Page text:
|Issue No 90||30 March 2001|
Burrow Lobbies on BHP and US Trade Abroad
ACTU President Sharan Burrow is abroad this week, with important talks on the BHP merger and the proposed US-Australia trade agreement.
Burrow has traveled to Brussels, home of the International Council of Free Trade Union, where she will raise the two issues with the head of other international trade unions.
There she will meet with representatives of COSATU, the peak South African union body, to discuss the industrial relations standards of Billiton, the firm that has merged with BHP.
She will also meet with AFL_CIO leader John Sweeney to debate the mooted free trade agreement between Australia and the USA.
Burrows stresses that Australian unions will be demanding any asgreement include recognition of core labour standards in both countries.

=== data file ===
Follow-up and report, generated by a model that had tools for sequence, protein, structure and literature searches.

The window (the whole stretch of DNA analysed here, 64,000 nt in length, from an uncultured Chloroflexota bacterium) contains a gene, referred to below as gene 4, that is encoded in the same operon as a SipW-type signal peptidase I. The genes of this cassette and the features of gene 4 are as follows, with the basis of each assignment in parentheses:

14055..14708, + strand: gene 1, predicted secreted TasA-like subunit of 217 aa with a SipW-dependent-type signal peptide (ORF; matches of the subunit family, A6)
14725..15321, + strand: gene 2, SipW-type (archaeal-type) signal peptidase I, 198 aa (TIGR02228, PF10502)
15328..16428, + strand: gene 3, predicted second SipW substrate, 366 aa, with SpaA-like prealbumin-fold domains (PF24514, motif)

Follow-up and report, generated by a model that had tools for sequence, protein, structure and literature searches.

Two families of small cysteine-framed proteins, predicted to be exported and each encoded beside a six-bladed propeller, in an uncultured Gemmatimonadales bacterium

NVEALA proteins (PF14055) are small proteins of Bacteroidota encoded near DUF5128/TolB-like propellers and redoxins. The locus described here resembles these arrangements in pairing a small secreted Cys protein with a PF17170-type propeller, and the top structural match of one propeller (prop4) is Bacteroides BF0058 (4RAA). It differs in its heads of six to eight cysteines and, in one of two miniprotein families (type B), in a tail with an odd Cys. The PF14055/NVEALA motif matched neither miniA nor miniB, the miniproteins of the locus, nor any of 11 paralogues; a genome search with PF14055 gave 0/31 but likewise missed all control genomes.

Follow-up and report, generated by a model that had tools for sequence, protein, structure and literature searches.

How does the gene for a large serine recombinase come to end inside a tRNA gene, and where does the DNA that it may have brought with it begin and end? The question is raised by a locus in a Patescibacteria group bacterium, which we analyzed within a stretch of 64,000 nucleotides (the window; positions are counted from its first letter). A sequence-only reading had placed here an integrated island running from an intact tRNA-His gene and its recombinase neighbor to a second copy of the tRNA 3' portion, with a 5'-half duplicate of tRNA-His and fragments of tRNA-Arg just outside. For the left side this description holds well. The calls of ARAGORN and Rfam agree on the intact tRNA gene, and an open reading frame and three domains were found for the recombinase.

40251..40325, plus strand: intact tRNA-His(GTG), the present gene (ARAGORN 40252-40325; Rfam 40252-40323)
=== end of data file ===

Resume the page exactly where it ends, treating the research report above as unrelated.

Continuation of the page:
Interview: On the Up and Up
On the eve of new figures showing the slide in union membership may be bottoming out, ACTU secretary Greg Combet takes stock of the state of the movement.
Unions: Organising Theory
Labor Council’s Chris Christodoulou reports back from this week’s ACTU Organising Conference
Economics: The Failure of the Third Way
In his presentation to this week's ACTU Organising Conference, John Buchanan painted a dark picture of the emerging labour market.
History: Emblems of Unity
The Gregory J. Smith Collection of Trade Union badges was auctioned today in Sydney. Smith compiled a book on 763 of his remarkable collection which was published in 1992.
Legal: Della's Compo Plan
Labour lawyer Richard Brennan places the NSW workers compensation reforms under the microscope.
International: East Timor Goes Union
Workers in the fledgling nation have established their equivalent to the ACTU to build a safety net for workers.
Satire: Management for the Post-Industrial World
A new management fad is sweeping the post-industrial world, which has major social and political implications at the macro and micro level. We have called it "Purge Management Strategy" (PMS).
Review: Surviving The Temptations of TV Island
Cultural analyst Mark Morey rakes over the coals of American TV culture to find very little is there.
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Last Modified: 15 Nov 2005